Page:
However, a slight bump in pauper popularity obviously isn’t enough to cause this kind of increase in price. Supply is absolutely a factor, and we can talk quickly about just how low that number is for Planechase. You know that stupid joke I always repeat when mentioning the scarcity of a card? I say that there were basically six packs of Coldsnap or whatever opened, so the supply is extremely low and easy to dry up if even a small spark of demand appears for the card. That holds especially true for all of the cards from Planechase and Planechase 2012, where even the uncommons can be treated as super mythics considering how low the print run was.


Even Amazon has no idea what that card is. That’s not to say Amazon is the hotbed where all the Pauper aficionados buy their “battle boxes” (a new term I learned recently), but you know that supply is a barren desert when there’s a combined total of less than a dozen copies on eBay, SCG, TCGplayer, Coolstuff, Amazon, Cardshark, and Channelfireball combined. Normally I just say “Oh, wait until people start pulling these from their bulk and listing them online, the price will settle at a degree between the pre-spike price and the post-spike price.” This time, I’m not sure there are enough of these in bulk to satisfy that growing Pauper demand. If you’re in the market for these to build your battle box, I’d still avoid paying anything over $4 though.

This is how much play the little boar sees, at most. Yes, that’s enough.


Planeswalking Segue

So if an uncommon that sees play as a two of can hit $7, surely the planes from the same set are equally as popular…. right? Well, not exactly. I mentioned this week on Cartel Aristocrats that you should probably go through any of your old oversized Commanders or Planechase cards, and see if any of them are worth anything. After doing a b it of digging, it looks like the real money is in the 2009 and promo planes, not so much the 2012 versions. While this information probably won’t be relevant for the next few collections you buy (I think I’ve only bought three or four collections in my life that had Planechase planes or Archenemy schemes), it’s definitely something that should encourage you to go through your own old stuff if you’ve been playing since these were released. The same goes for the 2011 Commander oversized cards; Kaalia goes for around $8-10 for the supersized version!

SCG Planechase

SCG Planes2012

So you ran into your basement, pulled out twenty Stairs to Infinity, and you want to turn them into crisp dollar bills. I understand. I was in your situation not too long ago. While I was doing some cleaning last year, I found a pile of schemes and planes from my days as a casual player, and decided to buylist them all to save myself some trouble. While you can technically sell them on eBay or TCGplayer, I can’t speak for how quickly they’ll actually sell. There’s also the added trouble of shipping single oversized cards; They obviously don’t fit into a regular toploader, so you’d have to get creative with the packaging to make sure the card doesn’t get damaged in transit. I had success selling all of mine to ChannelFireball, as they paid the best prices out of all the stores I looked at.


While we’re on the topic of supplies, I’d like to talk very quickly about spindown dice; the kind you get From a Vault of Some Kind, or perhaps a week before a set releases. In my experience, I saw a lot of people throw these away at the last prerelease I went to. I know because I threw mine away, forgetting that it even came with the box. Whoooops. Anyway, that’s okay. The D20 spindowns that come with the prereleases now aren’t really worth anything; most buylists will pick them up for 25 cents each, so don’t feel bad if you can’t find them.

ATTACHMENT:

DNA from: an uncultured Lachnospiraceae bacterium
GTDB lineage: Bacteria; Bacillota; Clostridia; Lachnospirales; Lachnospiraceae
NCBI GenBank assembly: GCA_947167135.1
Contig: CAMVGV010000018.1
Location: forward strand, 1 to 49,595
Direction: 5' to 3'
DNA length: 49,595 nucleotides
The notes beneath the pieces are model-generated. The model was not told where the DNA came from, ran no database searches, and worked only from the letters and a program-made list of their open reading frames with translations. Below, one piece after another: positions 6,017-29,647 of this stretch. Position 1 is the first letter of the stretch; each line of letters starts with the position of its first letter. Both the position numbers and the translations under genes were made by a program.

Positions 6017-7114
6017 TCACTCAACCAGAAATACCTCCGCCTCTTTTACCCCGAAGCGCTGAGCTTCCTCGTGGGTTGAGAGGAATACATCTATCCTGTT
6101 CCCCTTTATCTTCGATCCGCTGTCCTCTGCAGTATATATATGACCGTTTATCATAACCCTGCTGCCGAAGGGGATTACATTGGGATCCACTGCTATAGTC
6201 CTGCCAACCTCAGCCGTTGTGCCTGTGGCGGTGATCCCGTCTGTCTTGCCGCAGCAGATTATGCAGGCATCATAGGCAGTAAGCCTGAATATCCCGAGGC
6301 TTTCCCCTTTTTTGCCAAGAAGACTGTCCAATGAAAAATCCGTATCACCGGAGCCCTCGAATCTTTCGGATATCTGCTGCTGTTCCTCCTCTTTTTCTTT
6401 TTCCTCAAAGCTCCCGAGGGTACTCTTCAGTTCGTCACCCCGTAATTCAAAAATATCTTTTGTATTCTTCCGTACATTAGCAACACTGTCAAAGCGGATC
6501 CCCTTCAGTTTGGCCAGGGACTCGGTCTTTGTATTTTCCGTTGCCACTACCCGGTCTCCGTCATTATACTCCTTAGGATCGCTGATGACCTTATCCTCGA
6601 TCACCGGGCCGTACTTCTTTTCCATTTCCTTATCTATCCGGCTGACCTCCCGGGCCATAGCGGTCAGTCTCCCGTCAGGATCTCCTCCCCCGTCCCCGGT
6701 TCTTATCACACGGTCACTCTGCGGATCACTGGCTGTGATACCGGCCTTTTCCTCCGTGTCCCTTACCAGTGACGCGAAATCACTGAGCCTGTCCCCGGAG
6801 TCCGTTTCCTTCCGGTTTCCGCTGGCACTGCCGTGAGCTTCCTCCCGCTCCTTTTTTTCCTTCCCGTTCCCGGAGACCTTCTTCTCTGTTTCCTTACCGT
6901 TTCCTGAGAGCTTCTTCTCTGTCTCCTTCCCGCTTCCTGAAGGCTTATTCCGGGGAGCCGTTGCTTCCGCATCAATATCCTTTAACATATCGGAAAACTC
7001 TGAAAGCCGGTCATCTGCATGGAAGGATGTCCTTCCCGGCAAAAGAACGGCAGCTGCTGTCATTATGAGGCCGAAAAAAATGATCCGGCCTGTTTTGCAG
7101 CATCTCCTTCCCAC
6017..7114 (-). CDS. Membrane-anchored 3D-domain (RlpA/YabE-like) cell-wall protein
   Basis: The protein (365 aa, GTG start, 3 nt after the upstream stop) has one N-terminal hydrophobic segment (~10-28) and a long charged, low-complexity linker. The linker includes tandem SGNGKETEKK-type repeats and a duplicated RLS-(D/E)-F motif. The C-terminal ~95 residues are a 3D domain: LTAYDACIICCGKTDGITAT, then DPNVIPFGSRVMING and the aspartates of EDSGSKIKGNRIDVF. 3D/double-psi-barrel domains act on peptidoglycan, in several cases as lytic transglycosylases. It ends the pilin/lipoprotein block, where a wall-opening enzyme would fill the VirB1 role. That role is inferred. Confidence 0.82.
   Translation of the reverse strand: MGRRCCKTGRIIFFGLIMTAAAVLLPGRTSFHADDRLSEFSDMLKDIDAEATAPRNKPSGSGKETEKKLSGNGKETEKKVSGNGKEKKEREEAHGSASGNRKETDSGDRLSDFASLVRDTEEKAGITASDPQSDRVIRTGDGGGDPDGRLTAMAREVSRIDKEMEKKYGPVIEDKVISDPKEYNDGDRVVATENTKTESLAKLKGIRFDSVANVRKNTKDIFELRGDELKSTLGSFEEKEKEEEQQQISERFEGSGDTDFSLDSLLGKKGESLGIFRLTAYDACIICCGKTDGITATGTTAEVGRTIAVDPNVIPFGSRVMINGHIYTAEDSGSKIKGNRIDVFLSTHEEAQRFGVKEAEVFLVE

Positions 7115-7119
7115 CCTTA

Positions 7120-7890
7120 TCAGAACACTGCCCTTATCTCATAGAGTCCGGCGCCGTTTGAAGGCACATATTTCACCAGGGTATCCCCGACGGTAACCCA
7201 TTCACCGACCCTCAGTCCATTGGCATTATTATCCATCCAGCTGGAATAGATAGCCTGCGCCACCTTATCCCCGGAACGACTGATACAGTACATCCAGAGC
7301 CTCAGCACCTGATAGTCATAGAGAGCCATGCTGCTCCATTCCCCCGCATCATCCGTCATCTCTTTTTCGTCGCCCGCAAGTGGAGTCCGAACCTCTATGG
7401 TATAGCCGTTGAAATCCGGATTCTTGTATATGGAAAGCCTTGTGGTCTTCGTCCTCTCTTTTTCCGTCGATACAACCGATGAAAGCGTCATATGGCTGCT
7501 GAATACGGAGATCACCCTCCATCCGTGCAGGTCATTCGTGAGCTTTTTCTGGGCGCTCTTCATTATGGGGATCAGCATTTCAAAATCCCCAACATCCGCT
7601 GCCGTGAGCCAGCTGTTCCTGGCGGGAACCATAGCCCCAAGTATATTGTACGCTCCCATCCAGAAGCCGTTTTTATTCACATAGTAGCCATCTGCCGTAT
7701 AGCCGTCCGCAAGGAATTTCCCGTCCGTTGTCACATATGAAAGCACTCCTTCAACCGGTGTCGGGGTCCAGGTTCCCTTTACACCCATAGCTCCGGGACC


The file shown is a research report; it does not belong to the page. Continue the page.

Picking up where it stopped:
The real fun comes if you have any of these lying around that are from pre-Innistrad era. Most of the spindowns that you see in the picture are $4 or $5 if you check on SCG or Coolstuffinc, except for a couple that I mispriced (can you guess which ones?). I ended up getting around $40 for this lot when I sold them on Twitter, which was a nice buffer to the collection that these came in around a month ago. If you’re an old timer and were around for the “good old days” of Magic (or so I’ve heard, I was like eight years old at the time), you can sell the spindowns from Apocalypse, Onslaught, or  Judgment for around $25.

Just another side note about shipping before I take off for the week; Ship spindowns in a PWE at your own risk. While I’ve talked to a few friends about their experiences mailing dice in envelopes, they’ve had mixed results. Some post offices will be comfortable mailing it as a non-machinable letter with just a stamp or two, but my local USPS made me ship it as a small package so I ate $2.50 shipping a single one of these at $5. Gross. Thankfully I was able to ship the rest to a single individual and save a ton on shipping, so find that one guy in your local area who wants to catch ’em all.

Until next week!

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A (Pun)ishing Article Title

A Conditioned Response

So has anyone found any sweet deals on damaged cards by messaging the seller first and asking for pictures? If you have no idea what I’m talking about, you can get caught up by reading last week’s article on played cards, specifically damaged/heavily played stuff. If you missed that article, this entire sentence is willing to take you there for free! Thankfully, I was able to have at least one person give me a shoutout on Twitter saying that everything worked out great.


Fortunately, CFB is a reputable dealer and managed to get David some pictures of the card in a reasonable time frame so he could decide whether or not he wanted to buy the card. I’ve been trying to find a cheap foil copy of Seedborn Muse for a while now, and I narrowed down to a store on TCGplayer that had a damaged one listed. A few quick Facebook messages later, and we had this to look forward to.